Even on its calmest days, the sun is roiling. Fueled by fusion in its core, the sun is a ball of hot, charged particles, or plasma, that churns constantly, generating electric currents that in turn induce magnetic fields. Deep inside the sun is a dense radiative zone, where photons slowly fight their way outward. At a certain point—in the outer third of the sun—the plasma cools enough to allow convection, a boiling motion that carries energy toward the surface. In this zone, the sun rotates differentially: faster at the equator than the poles. The shearing motions that result stretch and twist the magnetic fields, strengthening them—a process that somehow affects the 11-year cycle. The tangled field lines sometimes burst through the convective zone and jut out from the surface, forming sunspots.
The sun’s ebb and flow affects Earth. Its upper atmosphere absorbs the sun’s ultraviolet rays, which dim slightly at solar minimum. That causes the atmosphere to cool and shrink, reducing friction for low-flying satellites. In calm solar cycles, operators assume their satellites will remain in orbit for longer—and because the same goes for space junk, the risk of a collision goes up. The sun’s magnetic field also weakens at solar minimum, which poses another threat to satellites. The weakened field rebuffs fewer galactic cosmic rays, high energy particles that can flip bits in satellite electronics.
At solar maximum, in contrast, the sun heats and inflates Earth’s upper atmosphere, and it often flares up and unleashes its own particles. They are not as energetic as the galactic cosmic rays, but they come in a flash flood. At solar max, Biesecker says, these “coronal mass ejections” of charged particles are 10 times as frequent as at minimum. Hours or days after the sun spits them out, particles rush into Earth’s magnetic field, provoking geomagnetic storms that can last for days. The storms can disrupt communications, interrupt spacecraft and missile tracking, and skew GPS measurements. They can also induce powerful currents in electric grids, which can destroy transformers and other equipment. Air crews at high altitudes, particularly near the poles, can be showered with the sun’s energetic particles—a cancer risk.
All of which adds to the practical importance of the panel’s forecasts. “If you design a satellite for a 10- or 12-year life, you need to consider the cycle,” says Michael Martinez, vice president of mission operations at DigitalGlobe in Westminster, Colorado, which makes high-resolution imaging orbiters. Designers need to be sure a satellite has enough propellant to combat the friction of an expanding atmosphere as the sun approaches maximum, and they need to shield its electronics from solar particles.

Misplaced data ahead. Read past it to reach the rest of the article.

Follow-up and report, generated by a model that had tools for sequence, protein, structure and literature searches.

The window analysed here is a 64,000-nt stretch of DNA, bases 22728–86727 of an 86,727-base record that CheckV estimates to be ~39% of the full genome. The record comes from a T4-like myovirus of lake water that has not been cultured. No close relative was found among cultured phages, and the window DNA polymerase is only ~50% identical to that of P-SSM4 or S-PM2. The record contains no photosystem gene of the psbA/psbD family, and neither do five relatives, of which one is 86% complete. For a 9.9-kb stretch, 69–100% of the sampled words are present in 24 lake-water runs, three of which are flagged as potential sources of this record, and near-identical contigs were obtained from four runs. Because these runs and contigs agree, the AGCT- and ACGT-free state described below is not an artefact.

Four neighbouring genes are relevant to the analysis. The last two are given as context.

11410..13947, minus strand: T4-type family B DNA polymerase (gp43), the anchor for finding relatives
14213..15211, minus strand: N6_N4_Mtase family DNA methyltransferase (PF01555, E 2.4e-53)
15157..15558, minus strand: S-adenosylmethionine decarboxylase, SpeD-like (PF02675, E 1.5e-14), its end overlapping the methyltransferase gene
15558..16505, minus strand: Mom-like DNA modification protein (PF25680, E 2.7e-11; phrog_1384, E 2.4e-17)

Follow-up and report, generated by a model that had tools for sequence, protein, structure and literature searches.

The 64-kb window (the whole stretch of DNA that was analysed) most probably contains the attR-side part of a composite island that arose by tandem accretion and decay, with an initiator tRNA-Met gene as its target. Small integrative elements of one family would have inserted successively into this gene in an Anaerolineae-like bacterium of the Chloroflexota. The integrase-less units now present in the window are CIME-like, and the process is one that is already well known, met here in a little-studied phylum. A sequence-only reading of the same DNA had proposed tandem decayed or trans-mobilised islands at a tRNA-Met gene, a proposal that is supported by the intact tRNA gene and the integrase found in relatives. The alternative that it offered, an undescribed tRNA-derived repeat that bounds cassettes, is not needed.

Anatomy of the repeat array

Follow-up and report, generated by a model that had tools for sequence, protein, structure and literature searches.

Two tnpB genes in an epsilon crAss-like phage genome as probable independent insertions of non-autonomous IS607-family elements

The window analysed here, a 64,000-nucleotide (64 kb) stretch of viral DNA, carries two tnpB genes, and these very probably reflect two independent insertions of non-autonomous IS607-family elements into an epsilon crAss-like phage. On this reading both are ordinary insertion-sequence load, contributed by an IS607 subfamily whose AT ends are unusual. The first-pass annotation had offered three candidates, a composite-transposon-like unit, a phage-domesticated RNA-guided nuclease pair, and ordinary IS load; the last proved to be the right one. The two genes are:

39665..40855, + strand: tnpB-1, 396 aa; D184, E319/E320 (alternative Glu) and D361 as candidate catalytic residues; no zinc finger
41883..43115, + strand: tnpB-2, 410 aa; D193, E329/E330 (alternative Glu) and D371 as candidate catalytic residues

Most worrisome is the prospect of a major solar storm, such as the Carrington Event of 1859. During that storm, the sun ejected billions of tons of charged particles, causing aurorae as far south as the Caribbean and generating currents in telegraph lines powerful enough to shock operators. Today, the effect of such an event on computers and communications would be dire. Financial transaction systems could collapse. Power and water could easily go out. “It probably would be The Hunger Games pretty soon,” McIntosh says.
If you design a satellite for a 10- or 12-year life, you need to consider the cycle.
Michael Martinez, DigitalGlobe
McIntosh doesn’t question the need to prepare, but he is skeptical of the panel’s approach. In fact, he believes its very premise—predicting the rise and fall of sunspots—is off-base. Sunspots, and the cycle itself, are just symptoms of a still-mysterious story playing out inside the sun.
Lika Guhathakurta, a panel observer from NASA’s Ames Research Center in California, agrees. “Sunspot is not a physical index of anything,” she says, after the morning’s introductory talks. “So the fact that we have used it as a proxy in itself kind of presents a problem.” Using sunspots—a side effect, not a cause—to predict the sun’s future behavior is like trying to divine the germ theory of disease by looking at a runny nose, she and McIntosh think.
But because the panelists have convened specifically to predict sunspot numbers, they soldier on, reviewing about 60 models over the next 4 days. Each predicts the number of sunspots at solar maximum, as well as the timing of minimum and maximum.